Image Courtesy: Dubai Media Office
The first half of the 20th century witnessed unstoppable growth that industrialised most of the Western hemisphere, while the second half, and the beginning of this century, saw the “rise of the rest”. The majority of that growth was concentrated between China and India, which collectively pulled an estimated 1.2 billion people out of poverty, according to the World Bank.
With this scale of growth, the average Chinese person’s income has increased twentyfold.
With few prospects at home, savvy investors will look abroad in an effort to increase and diversify their portfolios. Chinese nationals have invested heavily in various projects around the world, with real estate serving as just one, albeit a popular asset class. Investments in property from Chinese individuals have grown worldwide in countries such as Hong Kong, Taiwan, Thailand, Australia, Singapore, Malaysia and the UAE.
With increasingly positive diplomatic relations between the UAE and China, both commercial and personal investments in the country have grown. While Dubai is already an attractive destination due to its lack of wealth, income and estate taxes, newer incentives concerning residency have further appealed to some Chinese in particular, who are looking for additional residency options around the world.
While Chinese investments have been a major boom for economies from the US to Europe to Africa, the 2019 China Outbound Real Estate Investor Intention survey conducted by Cushman & Wakefield found that increasingly stringent capital controls from the Chinese government was constraining people’s abilities to transfer funds overseas.
As China is experiencing an overall decline in growth alongside increased trade tensions with its largest trading partner, the US, such measures are expected to continue. The survey also found that 84 per cent of the 51 respondents, who represent a combined offshore capital of $41.81bn, are keeping the funds they allocate toward real estate at either the same or reduced levels compared to 2017 levels. This news is significant as mainland Chinese invested $15.7bn in overseas real estate in 2018, a figure that is 63 per cent lower than that of 2017 and the lowest figure since 2014.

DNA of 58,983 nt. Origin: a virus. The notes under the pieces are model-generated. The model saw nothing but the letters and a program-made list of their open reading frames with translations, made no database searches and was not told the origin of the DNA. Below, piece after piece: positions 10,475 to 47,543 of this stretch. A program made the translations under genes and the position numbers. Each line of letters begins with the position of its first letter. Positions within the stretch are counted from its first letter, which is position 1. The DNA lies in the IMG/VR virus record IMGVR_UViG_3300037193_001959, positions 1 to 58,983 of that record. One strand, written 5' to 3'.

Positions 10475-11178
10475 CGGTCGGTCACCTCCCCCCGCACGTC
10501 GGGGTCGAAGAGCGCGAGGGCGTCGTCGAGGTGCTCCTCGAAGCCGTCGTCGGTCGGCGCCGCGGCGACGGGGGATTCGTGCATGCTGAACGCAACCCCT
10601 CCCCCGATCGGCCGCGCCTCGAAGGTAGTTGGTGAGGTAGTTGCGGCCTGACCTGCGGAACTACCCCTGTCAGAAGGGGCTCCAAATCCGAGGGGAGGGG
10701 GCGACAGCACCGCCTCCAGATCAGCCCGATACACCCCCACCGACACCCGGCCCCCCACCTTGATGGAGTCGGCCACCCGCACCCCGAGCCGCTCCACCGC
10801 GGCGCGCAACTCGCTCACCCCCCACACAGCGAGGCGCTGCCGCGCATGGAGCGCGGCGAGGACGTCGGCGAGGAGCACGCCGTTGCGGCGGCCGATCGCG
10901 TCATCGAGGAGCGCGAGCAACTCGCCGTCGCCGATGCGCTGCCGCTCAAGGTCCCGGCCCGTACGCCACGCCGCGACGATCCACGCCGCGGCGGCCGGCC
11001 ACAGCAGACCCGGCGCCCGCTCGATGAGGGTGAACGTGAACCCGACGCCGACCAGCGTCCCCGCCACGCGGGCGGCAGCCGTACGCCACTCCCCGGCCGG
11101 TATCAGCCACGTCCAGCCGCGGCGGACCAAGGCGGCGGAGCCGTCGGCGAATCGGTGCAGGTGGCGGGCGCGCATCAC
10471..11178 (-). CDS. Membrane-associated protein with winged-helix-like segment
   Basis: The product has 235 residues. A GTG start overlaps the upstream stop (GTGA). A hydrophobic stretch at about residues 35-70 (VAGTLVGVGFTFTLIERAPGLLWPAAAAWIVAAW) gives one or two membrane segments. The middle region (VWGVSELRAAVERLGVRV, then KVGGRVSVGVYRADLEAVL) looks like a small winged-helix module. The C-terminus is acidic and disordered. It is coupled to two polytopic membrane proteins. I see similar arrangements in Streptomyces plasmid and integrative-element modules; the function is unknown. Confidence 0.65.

Historically, popular destinations for real estate investments have been the US, Canada and Europe for various reasons including low market volatility, favourable currency conversions and education opportunities for Chinese children, but as of 2017, more stringent rules from Beijing have meant that investment in New York alone dipped to $2.2bn in 2017 and to $336m in total by 2018 when trade tensions become pronounced, according to The Financial Times.
Hong Kong has doubled its taxes on property from 15 per cent to 30 per cent to curb rising property prices. In London, the stamp tax is 7 per cent, on average, and increases by an additional 3 per cent for those who are not first time buyers. As taxes eat away at yields, the Chinese have looked to more lucrative markets.
Despite US-Sino trade tensions, conservative projections estimate that the Chinese will snap up $1.5 trillion in overseas real estate assets within the next decade, and Dubai has the opportunity to attract more of that wealth than it has in the past.
Global Property Guide places Dubai as the top city in the Gulf, and third in the Middle East, with rental yields at 5.19 per cent per year. When looking at commercial property, JLL ranks Dubai fifth in the world with prime yields of 7.5 per cent with a manageable supply pipeline.
Transactional data from the Dubai Land Department shows that since 2014, Chinese investors have ranked among the top 10 nationalities of property investors. From 2015 to 2016, there was a 16 per cent increase in transactions by Chinese buyers, and a 64 per cent increase from 2016 to 2017.
In line with enhancing Dubai’s attractiveness for investment, we can expect to see improvements in the determinants of a successful local property market.
Carla Maria Issa is a senior research analyst at Property Finder